Apple has lowered the minimum amount it charges to advertisers to run campaigns on its struggling iAd platform, it has been claimed.

Ad Age reports that Apple has been desperate to address its falling share of the mobile advertising market and also plans to increase the amount it pays to developers whose apps run the advertising.

The article claims that advertisers will now only have to spend just $100,000 (£63,750) to secure a campaign running in mobile apps on the iPhone and iPad, down from the previous minimum threshold of $500,000 (£318,760).

Previously, app developers only received a 60 percent cut from the ads shown via the iAd platform on their apps, but this has now been boosted to 70 percent, the report states. However, as the ad rates have been dropped, app developers are likely to see their earnings from iAd fall.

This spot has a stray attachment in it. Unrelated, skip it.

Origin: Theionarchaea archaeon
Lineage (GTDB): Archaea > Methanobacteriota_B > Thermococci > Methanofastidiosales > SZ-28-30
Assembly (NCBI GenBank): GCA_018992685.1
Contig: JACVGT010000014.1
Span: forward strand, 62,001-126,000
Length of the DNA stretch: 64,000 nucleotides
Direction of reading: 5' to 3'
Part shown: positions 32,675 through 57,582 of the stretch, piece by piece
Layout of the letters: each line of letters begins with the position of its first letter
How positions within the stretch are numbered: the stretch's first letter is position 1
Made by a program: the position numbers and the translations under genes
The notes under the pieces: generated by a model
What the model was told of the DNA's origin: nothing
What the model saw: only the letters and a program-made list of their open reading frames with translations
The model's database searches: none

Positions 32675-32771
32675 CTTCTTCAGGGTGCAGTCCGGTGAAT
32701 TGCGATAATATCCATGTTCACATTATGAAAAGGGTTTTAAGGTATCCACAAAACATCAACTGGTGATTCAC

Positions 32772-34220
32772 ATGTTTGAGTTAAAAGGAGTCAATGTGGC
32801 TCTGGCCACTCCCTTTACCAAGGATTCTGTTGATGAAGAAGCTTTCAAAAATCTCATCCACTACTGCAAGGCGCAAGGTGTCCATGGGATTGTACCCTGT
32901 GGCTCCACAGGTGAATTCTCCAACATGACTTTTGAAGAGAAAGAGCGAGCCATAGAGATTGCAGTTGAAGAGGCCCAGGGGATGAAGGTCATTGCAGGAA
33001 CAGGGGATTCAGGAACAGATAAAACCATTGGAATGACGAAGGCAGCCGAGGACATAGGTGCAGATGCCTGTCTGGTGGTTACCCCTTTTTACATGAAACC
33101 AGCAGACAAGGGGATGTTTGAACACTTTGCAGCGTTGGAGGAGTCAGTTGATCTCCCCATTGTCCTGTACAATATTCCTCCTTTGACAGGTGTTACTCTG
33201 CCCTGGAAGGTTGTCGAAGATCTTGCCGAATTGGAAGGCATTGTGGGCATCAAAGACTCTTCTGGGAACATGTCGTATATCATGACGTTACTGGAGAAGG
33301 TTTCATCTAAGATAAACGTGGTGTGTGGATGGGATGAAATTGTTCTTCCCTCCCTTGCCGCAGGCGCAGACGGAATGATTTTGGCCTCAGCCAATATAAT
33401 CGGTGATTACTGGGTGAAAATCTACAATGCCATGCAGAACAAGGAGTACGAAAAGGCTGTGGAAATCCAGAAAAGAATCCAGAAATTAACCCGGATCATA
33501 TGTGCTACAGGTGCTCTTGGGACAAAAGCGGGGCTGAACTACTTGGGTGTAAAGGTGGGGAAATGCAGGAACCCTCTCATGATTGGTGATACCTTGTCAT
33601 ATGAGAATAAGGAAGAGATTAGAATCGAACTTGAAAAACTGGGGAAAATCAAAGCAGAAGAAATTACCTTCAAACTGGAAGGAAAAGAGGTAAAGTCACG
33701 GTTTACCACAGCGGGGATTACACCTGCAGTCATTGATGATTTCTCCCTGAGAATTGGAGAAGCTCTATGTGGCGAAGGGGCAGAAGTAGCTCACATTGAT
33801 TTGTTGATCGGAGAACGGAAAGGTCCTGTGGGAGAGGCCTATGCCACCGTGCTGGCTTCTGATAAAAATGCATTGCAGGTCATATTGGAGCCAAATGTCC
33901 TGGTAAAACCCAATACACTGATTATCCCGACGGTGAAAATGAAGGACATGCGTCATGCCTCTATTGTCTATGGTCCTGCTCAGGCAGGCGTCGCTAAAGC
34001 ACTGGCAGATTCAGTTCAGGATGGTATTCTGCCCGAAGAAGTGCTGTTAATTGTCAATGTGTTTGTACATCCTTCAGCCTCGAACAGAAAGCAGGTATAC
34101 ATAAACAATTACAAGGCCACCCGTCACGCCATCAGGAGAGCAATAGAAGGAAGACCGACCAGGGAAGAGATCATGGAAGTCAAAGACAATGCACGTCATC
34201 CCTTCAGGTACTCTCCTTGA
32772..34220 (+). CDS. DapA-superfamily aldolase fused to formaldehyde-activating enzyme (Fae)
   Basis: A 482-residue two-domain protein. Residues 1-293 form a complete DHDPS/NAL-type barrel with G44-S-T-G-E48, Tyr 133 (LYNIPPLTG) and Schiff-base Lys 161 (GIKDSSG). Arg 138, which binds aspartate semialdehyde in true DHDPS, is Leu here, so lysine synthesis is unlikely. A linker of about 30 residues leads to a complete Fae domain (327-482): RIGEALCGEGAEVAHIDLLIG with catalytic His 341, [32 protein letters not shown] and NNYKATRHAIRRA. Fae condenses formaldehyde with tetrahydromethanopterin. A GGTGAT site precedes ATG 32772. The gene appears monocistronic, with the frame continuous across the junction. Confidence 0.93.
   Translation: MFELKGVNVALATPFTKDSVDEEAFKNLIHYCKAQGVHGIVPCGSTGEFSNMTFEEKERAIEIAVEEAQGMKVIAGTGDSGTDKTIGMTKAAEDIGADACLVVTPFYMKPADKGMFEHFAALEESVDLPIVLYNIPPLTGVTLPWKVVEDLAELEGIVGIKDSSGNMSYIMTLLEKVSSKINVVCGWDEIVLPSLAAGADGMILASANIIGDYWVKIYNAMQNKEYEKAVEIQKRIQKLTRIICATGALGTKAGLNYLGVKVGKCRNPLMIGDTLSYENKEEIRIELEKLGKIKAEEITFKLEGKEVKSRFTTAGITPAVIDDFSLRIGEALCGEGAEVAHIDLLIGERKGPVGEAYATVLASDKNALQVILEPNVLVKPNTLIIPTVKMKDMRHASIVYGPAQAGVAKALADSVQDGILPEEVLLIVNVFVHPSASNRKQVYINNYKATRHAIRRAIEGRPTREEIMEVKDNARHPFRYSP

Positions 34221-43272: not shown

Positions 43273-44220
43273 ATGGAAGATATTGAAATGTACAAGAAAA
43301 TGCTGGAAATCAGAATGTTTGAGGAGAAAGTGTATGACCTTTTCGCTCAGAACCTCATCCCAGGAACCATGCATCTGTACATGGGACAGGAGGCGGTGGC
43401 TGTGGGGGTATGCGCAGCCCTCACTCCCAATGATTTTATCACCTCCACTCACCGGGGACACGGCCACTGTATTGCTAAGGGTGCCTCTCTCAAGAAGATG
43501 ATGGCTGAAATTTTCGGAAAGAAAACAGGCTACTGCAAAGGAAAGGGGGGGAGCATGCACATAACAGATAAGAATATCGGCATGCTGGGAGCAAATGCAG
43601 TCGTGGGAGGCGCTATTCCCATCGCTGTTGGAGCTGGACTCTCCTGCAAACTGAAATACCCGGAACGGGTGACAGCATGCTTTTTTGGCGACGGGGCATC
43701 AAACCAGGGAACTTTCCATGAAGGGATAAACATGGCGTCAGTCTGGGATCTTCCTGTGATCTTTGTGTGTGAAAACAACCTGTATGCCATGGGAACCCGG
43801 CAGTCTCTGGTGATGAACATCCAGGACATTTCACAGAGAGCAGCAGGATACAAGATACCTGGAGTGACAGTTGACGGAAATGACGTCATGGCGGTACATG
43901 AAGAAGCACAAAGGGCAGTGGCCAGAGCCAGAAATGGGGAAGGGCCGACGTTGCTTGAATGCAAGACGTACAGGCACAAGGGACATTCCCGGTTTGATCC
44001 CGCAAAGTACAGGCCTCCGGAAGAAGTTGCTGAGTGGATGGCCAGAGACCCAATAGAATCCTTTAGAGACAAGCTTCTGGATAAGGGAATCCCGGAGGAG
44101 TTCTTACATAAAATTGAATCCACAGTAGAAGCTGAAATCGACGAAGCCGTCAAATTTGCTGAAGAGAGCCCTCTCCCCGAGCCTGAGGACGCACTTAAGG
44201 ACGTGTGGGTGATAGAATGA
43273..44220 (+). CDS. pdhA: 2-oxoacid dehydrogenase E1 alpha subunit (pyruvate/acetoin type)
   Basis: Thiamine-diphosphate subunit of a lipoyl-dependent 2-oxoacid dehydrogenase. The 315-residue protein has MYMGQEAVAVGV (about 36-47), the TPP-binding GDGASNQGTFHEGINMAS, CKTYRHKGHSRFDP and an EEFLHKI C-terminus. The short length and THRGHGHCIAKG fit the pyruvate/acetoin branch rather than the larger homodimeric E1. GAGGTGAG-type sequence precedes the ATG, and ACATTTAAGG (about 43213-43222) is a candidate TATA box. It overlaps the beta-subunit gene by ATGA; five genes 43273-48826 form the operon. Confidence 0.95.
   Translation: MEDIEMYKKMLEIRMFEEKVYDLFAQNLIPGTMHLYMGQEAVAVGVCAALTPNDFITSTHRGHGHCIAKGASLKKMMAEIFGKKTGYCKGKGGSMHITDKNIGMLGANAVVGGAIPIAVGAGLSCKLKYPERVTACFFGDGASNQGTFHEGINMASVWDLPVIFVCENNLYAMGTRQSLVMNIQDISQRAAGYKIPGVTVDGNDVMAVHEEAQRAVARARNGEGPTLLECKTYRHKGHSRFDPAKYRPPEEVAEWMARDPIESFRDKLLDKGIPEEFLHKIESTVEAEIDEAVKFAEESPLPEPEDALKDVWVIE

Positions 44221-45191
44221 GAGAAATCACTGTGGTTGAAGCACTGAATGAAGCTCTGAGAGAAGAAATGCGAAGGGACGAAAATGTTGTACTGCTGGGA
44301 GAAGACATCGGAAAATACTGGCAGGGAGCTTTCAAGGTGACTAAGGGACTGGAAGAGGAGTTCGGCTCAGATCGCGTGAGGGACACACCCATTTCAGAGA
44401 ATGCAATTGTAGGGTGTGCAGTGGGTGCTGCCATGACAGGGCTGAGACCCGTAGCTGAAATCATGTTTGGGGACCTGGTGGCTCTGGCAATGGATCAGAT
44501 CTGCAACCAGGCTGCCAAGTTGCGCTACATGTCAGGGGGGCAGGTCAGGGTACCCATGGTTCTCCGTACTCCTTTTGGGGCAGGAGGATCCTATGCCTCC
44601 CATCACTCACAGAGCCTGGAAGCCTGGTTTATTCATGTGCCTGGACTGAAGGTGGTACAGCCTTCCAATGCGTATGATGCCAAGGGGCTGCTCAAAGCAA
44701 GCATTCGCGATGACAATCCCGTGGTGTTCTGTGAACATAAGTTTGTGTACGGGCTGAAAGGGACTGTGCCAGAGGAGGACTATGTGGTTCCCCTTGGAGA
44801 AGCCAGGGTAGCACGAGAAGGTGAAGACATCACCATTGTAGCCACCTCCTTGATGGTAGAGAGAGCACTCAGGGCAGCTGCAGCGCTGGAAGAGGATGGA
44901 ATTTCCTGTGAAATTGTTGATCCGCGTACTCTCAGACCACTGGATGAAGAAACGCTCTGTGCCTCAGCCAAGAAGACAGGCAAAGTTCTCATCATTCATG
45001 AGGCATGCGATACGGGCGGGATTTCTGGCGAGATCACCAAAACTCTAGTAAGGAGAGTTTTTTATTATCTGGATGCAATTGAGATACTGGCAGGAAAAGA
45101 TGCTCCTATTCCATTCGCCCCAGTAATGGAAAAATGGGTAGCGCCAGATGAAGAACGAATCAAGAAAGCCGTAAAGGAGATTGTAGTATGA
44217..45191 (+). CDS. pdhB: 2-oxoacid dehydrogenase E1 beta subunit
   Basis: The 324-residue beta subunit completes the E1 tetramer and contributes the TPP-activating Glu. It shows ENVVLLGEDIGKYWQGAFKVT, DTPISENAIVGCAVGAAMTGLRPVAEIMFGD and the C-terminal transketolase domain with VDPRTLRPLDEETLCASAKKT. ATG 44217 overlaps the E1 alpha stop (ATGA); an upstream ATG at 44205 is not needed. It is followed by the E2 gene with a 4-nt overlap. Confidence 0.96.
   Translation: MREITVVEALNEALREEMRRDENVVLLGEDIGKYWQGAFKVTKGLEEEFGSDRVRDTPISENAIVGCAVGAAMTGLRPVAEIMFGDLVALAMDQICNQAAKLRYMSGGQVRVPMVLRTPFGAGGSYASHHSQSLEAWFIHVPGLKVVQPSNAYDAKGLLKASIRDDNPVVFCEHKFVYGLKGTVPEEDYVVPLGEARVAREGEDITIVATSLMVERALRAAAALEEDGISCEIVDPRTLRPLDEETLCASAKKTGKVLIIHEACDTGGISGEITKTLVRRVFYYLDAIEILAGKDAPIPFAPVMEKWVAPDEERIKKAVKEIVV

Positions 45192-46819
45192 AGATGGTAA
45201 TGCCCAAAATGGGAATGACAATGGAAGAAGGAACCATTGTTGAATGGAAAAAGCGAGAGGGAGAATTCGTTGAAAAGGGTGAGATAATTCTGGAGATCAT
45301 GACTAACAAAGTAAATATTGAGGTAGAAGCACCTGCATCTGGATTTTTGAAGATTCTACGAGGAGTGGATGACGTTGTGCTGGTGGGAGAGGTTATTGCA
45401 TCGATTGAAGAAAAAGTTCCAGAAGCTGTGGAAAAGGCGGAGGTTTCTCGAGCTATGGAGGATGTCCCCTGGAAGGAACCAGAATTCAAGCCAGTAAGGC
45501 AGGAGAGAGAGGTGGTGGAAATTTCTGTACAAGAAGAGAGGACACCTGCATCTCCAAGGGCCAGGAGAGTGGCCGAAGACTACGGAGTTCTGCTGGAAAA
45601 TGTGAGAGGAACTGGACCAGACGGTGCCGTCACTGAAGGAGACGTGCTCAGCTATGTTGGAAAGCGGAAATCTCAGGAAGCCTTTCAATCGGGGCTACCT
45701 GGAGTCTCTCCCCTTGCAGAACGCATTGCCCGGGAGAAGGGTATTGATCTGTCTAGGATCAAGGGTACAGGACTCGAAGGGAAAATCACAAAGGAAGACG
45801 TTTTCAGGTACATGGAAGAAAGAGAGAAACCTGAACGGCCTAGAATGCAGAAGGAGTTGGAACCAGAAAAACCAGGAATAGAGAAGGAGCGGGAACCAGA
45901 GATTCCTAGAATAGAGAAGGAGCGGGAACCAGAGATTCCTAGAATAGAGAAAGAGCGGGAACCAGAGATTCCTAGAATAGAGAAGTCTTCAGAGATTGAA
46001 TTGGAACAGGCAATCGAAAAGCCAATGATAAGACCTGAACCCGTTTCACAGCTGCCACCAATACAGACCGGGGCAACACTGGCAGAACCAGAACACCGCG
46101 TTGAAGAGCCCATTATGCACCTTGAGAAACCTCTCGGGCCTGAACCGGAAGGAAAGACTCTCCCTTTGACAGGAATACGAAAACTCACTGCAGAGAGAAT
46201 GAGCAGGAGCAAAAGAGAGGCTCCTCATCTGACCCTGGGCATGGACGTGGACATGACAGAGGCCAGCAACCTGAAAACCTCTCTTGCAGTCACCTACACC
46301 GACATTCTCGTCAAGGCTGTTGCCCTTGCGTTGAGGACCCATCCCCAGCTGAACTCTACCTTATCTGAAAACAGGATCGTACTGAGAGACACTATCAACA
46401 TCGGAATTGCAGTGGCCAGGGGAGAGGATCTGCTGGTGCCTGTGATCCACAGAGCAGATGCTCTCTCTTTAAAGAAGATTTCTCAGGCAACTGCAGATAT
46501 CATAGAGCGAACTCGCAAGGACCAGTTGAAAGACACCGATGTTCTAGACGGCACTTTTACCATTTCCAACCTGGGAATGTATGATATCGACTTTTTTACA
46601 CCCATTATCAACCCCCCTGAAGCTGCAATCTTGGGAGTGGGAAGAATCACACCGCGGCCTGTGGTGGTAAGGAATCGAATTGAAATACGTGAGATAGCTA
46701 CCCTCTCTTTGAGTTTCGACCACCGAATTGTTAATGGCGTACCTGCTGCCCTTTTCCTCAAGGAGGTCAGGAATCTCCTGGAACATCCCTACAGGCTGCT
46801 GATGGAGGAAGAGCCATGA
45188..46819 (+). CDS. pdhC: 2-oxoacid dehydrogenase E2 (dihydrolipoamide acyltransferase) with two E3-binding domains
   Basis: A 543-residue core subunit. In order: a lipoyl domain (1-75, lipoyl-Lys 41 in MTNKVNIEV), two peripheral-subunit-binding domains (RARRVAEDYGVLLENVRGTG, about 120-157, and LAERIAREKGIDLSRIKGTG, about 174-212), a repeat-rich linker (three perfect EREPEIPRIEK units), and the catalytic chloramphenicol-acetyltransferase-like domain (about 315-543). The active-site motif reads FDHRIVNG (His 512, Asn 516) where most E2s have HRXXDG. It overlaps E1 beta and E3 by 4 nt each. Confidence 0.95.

Apple has also reportedly upset some advertisers with the way it charges for ads - previously, advertisers would be charged a fixed rate fo every 1,000 impressions, plus an additional fee for a click on an ad. Now it will simply charge only the cost per thousand rate, Ad Age claims.

iAd was introduced in 2010 as a revenue-generation program that was also promoted as a way for application developers to make money. However, it has struggled in recent months, with Apple making changes in December last year in order to make it a more attractive proposition.

However if the Ad Age article is to be believed then it seems Apple has decided to make even more drastic changes in order to boost its market share - it currently has around 15 percent of the mobile advertising market, down from 19 percent at the end of 2010.

Apple appointed Todd Teresi to head up its mobile advertising division late last year. Teresi was formerly the vice president of Adobe's media solutions group.